A trip back in time…


Six years ago I left Oman with my husband and 15-month-old daughter to start a new adventure in Sarawak, Malaysia.  After eight and a half years in Oman, six of which were spent studying the country’s whale and dolphin populations, it was incredibly difficult to say good-bye to the country, its people, our good friends, and the humpback whales which formed the focus of my PhD thesis and so much of my time and energy.  Although I was lucky to be able to start a dolphin research project at the University of Malaysia Sarawak, and have been working happily there for the past 4 years, the humpback whales of Oman still held an important place in my heart, thoughts, work and dreams.  My old team-mates from ESO  were kind enough o keep me involved in the work through regular email contact and allowing me to maintain the humpback whale photo-identification database.   Through this, I was able to keep tabs on which of the whale “friends” that we had made in our previous surveys were re-sighted during my absence, and I could rejoice when the team found new whales, providing hope that the population  might be a little bigger than the estimate of fewer than 100 individuals that was generated from data collected up through 2003.  


Returning to Oman for the first time this November to participate in the ESO whale survey off the coast of Hasik was an incredible experience.  After several years of concentrating on motherhood and elusive little Irrawaddy dolphins and finless porpoises in Sarawak, the chance to work with my old colleagues and reconnect with the humpback whales was irresistible.  While it was heart-warming  to see whales that were “old friends”, it was worrying at the same time, as the lack of new individuals is an indication that the population off the coast of Oman remains small, and is possibly even declining in the face of threats like increased fishing effort,  coastal development and habitat degradation, and higher volumes of shipping traffic in some of the areas we identified as the whales’ core habitat.  I am extremely grateful to the ESO for allowing me to return to Oman and remain involved in this valuable research, and I truly hope that our efforts will give these whales a better chance of surviving long enough for my own children, and future generations of Omanis to admire and enjoy the way I have.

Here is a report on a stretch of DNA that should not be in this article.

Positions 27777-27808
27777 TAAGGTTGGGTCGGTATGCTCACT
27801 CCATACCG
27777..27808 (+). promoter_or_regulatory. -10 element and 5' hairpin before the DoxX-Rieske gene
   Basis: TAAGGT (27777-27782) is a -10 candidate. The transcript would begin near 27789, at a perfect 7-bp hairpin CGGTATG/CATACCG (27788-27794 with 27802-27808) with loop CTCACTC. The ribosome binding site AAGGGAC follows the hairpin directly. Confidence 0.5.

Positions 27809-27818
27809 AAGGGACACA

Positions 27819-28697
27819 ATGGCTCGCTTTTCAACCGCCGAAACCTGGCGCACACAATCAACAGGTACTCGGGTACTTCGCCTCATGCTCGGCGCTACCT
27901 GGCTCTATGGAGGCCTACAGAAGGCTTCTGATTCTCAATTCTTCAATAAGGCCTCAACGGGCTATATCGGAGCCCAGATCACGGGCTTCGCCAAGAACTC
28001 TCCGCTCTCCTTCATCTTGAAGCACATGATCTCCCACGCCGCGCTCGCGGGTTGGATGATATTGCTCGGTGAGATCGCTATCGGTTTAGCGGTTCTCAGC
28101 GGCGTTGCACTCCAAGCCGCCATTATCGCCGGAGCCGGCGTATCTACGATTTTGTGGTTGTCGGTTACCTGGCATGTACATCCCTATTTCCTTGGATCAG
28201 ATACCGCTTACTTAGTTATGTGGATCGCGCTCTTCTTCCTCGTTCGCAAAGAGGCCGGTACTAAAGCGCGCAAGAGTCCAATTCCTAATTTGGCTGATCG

Gianna on survey, poised to capture images to enable photo identification of humpbacks




Part 3

Old Friends Meet New Friends!


After several days of fruitless searching the team was beginning to wonder if the humpback whales were going to show up…this section of coast hadn’t previously received much survey attention at this time of year, so knowledge of there whereabouts undetermined. Was the run of successful sightings at off the coast of Masirah the month before indicative of their preferred location during November?